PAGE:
Wishing on the Stars
By Storyteller,Maria LoBiondo
Serendipitous discoveries make travel all the sweeter and so it was when my daughter and I came upon a beautiful garden in an otherwise nondescript Tokyo neighborhood on our recent trip to Japan.
After watching turtles basking on rocks and carp swimming below as we crossed the bridge, my daughter settled down to sketch the scenery and I rested under a wisteria bower outfitted with picnic tables. On two sides of the structure bamboo branches festooned with multicolored streamers flapped in the breeze. On closer examination, the streamers had Japanese characters on them. Then I saw a table with markers, blank papers, and the invitation (thankfully in English as well as Japanese) to write a wish and attach it to a bough.
The colorful branches celebrated Tanabata, the Star Festival, held on the seventh day of the seventh month. On Tanabata, so the story goes, two lovers – now the stars Altair and Vega -- meet annually on the Milky Way. Originally a Chinese legend, the Japanese tale revolves around a weaver princess and her love for a cowherd. Her father, Emperor of the Sky, separated the lovers when the princess neglected her work but allows this night to reconnect. The lovers hope for clear skies; if it rains they must wait another year for the chance to be together again. Wishes are made for their happy reunion – and for personal dreams to come true.
The simplest version of the Tanabata story is a how and why tale about two stars in the summer sky. But I had stumbled upon a more complex version in preparation for our trip when I read several Japanese folk tale collections as well as touring guidebooks.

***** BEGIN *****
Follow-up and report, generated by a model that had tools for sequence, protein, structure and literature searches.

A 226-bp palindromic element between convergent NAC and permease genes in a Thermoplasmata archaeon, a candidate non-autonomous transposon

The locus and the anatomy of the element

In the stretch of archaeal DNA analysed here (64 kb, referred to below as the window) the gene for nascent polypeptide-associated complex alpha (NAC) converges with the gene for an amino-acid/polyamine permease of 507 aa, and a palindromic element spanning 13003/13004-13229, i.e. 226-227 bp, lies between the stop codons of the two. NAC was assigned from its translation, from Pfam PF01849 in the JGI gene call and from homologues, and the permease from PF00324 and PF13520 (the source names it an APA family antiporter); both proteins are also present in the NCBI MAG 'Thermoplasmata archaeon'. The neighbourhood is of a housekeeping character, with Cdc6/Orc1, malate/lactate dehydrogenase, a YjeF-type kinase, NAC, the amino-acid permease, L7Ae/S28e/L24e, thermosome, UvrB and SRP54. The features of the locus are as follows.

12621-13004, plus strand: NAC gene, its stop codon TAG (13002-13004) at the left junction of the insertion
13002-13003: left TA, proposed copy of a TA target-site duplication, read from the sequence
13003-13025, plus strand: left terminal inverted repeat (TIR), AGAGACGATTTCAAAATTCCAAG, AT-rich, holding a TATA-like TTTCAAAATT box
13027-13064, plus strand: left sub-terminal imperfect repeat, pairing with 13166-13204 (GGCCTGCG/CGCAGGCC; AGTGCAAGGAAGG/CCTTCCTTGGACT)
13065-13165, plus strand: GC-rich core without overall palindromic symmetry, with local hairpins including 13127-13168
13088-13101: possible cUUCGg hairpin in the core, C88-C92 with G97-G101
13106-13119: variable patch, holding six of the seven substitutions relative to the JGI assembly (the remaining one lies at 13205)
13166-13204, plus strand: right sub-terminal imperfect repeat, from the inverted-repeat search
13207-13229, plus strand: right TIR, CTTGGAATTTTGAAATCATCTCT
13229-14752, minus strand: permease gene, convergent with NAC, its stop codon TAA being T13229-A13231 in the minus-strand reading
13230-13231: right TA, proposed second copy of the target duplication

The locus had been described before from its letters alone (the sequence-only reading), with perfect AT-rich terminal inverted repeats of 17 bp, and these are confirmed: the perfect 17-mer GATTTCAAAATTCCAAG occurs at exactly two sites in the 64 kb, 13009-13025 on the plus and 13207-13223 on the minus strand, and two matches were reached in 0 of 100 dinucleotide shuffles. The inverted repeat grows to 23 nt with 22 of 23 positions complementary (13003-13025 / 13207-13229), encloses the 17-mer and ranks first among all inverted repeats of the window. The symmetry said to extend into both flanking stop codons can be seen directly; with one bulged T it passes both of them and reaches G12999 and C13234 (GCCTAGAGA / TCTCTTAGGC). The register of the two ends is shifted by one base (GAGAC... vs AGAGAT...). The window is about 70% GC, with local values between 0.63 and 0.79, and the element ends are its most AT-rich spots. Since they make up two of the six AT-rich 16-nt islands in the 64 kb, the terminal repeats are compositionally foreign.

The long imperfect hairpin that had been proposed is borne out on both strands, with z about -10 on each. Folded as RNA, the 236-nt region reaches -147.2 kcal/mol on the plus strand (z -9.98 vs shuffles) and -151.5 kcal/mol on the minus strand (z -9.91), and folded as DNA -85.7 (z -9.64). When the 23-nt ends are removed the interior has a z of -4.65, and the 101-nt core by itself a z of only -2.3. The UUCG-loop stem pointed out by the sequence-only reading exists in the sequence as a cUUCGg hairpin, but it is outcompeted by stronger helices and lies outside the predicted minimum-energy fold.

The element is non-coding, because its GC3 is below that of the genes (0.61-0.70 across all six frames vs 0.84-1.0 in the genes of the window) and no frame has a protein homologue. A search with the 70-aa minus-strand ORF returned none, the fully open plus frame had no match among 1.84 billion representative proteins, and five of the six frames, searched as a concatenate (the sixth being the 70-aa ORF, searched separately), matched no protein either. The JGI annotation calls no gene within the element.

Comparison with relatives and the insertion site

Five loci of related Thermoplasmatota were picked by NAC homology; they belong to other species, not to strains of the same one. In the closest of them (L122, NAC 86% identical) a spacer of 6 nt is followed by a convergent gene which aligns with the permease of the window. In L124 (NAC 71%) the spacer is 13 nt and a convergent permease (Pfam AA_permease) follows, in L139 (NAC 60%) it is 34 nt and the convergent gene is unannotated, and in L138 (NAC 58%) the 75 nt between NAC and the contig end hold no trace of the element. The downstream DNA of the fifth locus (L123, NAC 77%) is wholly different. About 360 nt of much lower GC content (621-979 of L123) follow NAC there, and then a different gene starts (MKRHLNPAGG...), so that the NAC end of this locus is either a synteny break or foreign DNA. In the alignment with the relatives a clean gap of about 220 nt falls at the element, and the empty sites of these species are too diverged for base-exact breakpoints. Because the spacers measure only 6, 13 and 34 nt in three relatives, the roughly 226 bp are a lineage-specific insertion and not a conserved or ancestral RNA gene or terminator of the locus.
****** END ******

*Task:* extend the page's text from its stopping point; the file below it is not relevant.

“The Woman Who Came From Heaven” in Folktales of Japan edited by Keigo Seki (University of Chicago Press, 1963) includes the well-known motifs of wooing by stealing the clothes of a bathing girl and impossible tasks for a hero to fulfill, and ends with the two lovers becoming Altair and Vega.
What I noticed in this story as well as many of the folk tales was the sense of a more serious mood, sometimes mysterious and sometimes melancholy. Consider the well-known story “The Crane Wife,” in which the crane sacrifices herself for her husband and then flies away. In Margaret Read MacDonald’s Look Back and See: Twenty Lively Tales for Gentle Tellers (H.W. Wilson, 1991), “The Singing Turtle” dies in the story.
I learned that there is a literary construct that helps illuminate the Japanese view: mono no aware. Most often associated with cherry blossom season, mono no aware is not so much an expression of sadness as an acute appreciation for the beauty of the moment, knowing it will not last forever.
“The Woman Who Came From Heaven” hints at this. Seki’s book is a rich source for tellers and teachers who want to use this story or others to compare and contrast cultural perspectives on familiar motifs. Before each folk tale are cross-references with story types as well as explanations of the tale’s Japanese roots and particular Japanese terms.
My daughter and I each had a chance at different times to add our wishes to Tanabata branches. But one of the most noted Japanese Star Festivals, marked by the lunar calendar and held around August 7, is in Sendai, near where the earthquake and tsunami of March 11, 2011, did so much damage. It was still held there last year, and will be held again this month.